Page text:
HARRISBURG, PA — Governor Tom Wolf announced that Pennsylvania had the second largest percent change for all 50 states in opioid prescriptions between 2016 and 2017, according to data released by IQVIA.
Prescriptions for opioids in Pennsylvania decreased by 14 percent in 2017, just behind New Hampshire with a 15.1 percent decline. The number of opioid prescriptions in Pennsylvania decreased from 9,496,052 in 2016 to 8,163,730 in 2017. This decrease is attributed to numerous initiatives introduced since Governor Wolf took office, including an increase in the use and accessibility of the state’s Prescription Drug Monitoring Program (PDMP).
The expansion of access to the Prescription Drug Monitoring Program (PDMP) included access to other Commonwealth departments for clinical decision-making purposes, numerous local and state departments, and neighboring states that are all now connected to and accessing Pennsylvania’s PDMP. To date, there have been more than 15 million searches using the PDMP and 97,000 prescribers, dispensers, and their delegates have registered to use the program. In addition, 16 different states and Washington, D.C. currently have access to the PDMP’s interstate data-sharing ability which allows prescribers and pharmacists to see if patients have filled controlled substance prescriptions in these states.
Additionally, the efforts of the Opioid Command Center, a multi-agency initiative put in place as part of the governor’s heroin and opioid disaster declaration, first announced in January and continuing in its second 90 days, are geared to help continue to reduce opioid prescriptions, among other goals.
“This great news among so much difficult news associated with the heroin and opioid crisis is heartening and affirms the dedicated efforts of many state agencies and advocates, and I thank everyone involved for their contribution to this very favorable ranking for Pennsylvania,” Gov. Wolf said.
At the governor’s direction, the Command Center agencies have established a core set of initiatives aimed at prevention, education, and treatment of opioid use disorder, including reducing barriers to treatment along with the increased use and access to the PDMP.
Governor Wolf has announced progress of the Opioid Command Center since the disaster declaration in January and second 90-day renewal in April, including waiving prior authorization for medication-assisted treatment, an initiative that according to the AMA is critical to the success of a reduction in opioid prescriptions.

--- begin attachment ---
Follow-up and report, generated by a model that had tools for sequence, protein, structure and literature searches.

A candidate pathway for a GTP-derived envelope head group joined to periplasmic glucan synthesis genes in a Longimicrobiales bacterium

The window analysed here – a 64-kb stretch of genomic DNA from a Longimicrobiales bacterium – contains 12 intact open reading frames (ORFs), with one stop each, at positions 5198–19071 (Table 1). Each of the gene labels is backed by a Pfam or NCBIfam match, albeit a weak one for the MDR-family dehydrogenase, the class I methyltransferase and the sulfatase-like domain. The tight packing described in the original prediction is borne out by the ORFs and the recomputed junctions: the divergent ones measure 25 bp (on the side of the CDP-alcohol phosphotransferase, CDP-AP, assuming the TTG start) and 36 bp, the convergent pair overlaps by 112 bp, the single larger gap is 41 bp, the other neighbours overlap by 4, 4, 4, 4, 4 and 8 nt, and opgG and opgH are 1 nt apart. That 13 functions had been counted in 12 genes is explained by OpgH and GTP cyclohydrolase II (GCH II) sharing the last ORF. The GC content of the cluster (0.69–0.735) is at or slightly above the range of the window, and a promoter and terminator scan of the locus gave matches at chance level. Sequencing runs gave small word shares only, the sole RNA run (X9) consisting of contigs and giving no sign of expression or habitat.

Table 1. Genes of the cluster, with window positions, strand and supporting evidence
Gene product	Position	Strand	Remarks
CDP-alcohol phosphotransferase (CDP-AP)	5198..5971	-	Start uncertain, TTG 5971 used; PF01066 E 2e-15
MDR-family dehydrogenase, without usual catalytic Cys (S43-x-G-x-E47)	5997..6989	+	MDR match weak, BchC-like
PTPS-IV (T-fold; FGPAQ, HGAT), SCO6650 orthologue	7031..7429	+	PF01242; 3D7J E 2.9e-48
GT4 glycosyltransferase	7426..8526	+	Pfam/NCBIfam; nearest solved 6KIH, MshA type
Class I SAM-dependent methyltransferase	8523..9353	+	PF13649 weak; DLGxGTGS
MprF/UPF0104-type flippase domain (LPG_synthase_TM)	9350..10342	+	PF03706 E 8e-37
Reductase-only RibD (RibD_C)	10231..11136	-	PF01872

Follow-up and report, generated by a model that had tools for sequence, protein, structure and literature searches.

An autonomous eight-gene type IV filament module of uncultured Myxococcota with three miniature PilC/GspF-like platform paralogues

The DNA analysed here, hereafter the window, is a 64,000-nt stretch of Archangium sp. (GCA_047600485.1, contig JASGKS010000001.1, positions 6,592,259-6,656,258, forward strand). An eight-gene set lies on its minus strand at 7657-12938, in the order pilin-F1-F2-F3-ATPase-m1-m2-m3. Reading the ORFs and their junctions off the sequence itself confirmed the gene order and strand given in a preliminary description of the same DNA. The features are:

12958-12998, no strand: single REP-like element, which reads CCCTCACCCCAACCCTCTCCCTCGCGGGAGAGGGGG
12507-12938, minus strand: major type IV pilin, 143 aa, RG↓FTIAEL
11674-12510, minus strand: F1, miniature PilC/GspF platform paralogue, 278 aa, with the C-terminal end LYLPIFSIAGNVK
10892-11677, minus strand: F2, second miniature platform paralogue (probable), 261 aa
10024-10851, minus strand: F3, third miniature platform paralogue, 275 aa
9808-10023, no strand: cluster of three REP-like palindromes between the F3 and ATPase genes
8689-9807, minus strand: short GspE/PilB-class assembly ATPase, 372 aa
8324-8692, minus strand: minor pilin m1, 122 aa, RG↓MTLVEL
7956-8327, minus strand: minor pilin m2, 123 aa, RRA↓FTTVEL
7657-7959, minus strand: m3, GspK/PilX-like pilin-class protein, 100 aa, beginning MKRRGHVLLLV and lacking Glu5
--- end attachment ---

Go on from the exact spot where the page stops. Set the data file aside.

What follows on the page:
Because getting people into treatment is critical in this crisis, Pennsylvania waived fees for birth certificates for individuals with opioid use disorders, allowing them faster access to treatment and benefits. To date, 242 birth certificates have been expedited through this process to help get people into treatment faster.
In addition, the administration waived annual licensing requirements for high-performing drug and alcohol treatment facilities and have already seen 196 eligible facilities apply for and receive two-year licenses, ensuring continued, high-quality treatment for Opioid Use Disorder sufferers.
Another major initiative of Governor Wolf’s disaster declaration is the creation of the Opioid Data Dashboard to help the public gain access to information about what resources are available locally, and where those resources need to be deployed. Since its launch, there have been nearly 20,000 visits to the dashboard, which can be viewed here.
“I am pleased to see Pennsylvania ranked second in the reduction of opioid prescriptions,” Gov. Wolf said. “It’s confirmation that the progress we are seeing is making a difference in this difficult and ongoing epidemic. It is my hope that this positive news further spurs efforts and attitudes towards solving this crisis, which we know will take time and the continuation of the concerted effort we have in place in Pennsylvania.”
Source: Office of the Governor, Commonwealth of Pennsylvania
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